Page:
In this situation it's a good idea to pre-provisioned OneDrive to improve the user experience and reduce the number of hands in the air.

First create a list of student accounts and save it as a file. For example a text file named users.txt that contains:

Next run the PowerShell command Request-SPOPersonalSite  referencing the file you created.

$users = Get-Content -path "C:\users.txt" Request-SPOPersonalSite -UserEmails $users

That will kick off a background task to create the site for all accounts. If you are pre-provisioning OneDrive for a whole year group it might take up to 24 hours for the OneDrive locations to be created, so be patient or plan ahead,

Tuesday, 11 February 2020

Getting the Hardware ID for AutoPilot Enrolment.

If you have a new device its very easy to get the hardware information you need to enrol with Autopilot without going through the whole OOBE setup.

Start the device and wait a few second until the region selection page appears.

Press the following key combination SHIFT + F10

A CMD prompt will appear, type in PowerShell and hit Enter

The next step involves creating a local directory to store the information.

md scripts
cd scripts

You then need to set the execution level.

Set-ExecutionPolicy -ExecutionPolicy RemoteSigned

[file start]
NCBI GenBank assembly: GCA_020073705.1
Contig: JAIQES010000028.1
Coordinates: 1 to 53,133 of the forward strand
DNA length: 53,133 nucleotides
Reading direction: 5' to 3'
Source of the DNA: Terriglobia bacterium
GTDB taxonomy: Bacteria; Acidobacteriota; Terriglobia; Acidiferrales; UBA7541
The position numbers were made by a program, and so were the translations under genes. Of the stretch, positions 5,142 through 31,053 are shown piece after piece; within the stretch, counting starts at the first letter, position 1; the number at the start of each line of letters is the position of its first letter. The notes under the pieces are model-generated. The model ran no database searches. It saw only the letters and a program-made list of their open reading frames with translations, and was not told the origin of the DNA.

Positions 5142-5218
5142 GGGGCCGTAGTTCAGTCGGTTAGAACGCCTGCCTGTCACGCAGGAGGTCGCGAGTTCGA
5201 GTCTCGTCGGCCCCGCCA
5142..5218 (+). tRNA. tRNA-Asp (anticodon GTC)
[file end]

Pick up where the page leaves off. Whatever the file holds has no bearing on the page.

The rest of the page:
At the command prompt run the following commands.

Save-Script -Name Get-WindowsAutoPilotInfo -Path c:\scripts

The NuGet provider is required for this action. Press Y and Enter. NuGet will be downloaded and installed.

If you run a listing on the directory again you'll see the script downloaded to the scripts folder.

Run the following command;

Get-WindowsAutoPilotInfo.ps1 -outputfile c:\scripts\intunehwid.csv

This writes the required data into the intunehwid.csv file. This file needs to be uploaded to InTune either using either the Windows Store or the Device Management portal.

If you are enrolling a number of devices it's probably a good idea to script the whole process and run it directly from the USB key, appending the output data to a file on the drive rather then saving locally.

After that run; shutdown /p

.. to turn off the device.

Thursday, 30 January 2020

Windows Delivery Optimisation for the G Suite admin.

Chromebook admins who manage large estates soon become familiar with the OS refresh cycle which pushes out a full update every six weeks and the minor update cycle which arrives every two to three weeks.

On average a full Chrome OS update normally checks in at about 400 MB with minor updates around 50 MB. This amount of data is manageable for a class set of Chromebooks but adds up to a sizable chunk of bandwidth up if you are running a network with 2000 active devices.

For this reason Google allows some degree of  control over how these actions occur including the option to defer upgrades and stagger the update period. However one of the most useful features is a peering model which allows Chromebooks to pull updates from nearby devices of the same type.  This dramatically reduces the load on the internet connection and removes the download bottleneck for any school considering going 1:1 with Chromebooks.

For schools looking to go serverless with Windows10 clients it should come as no surprise that Microsoft have adopted a similar model for devices using Windows Update for Business rather than a local WSUS server - after all a good idea is a good idea.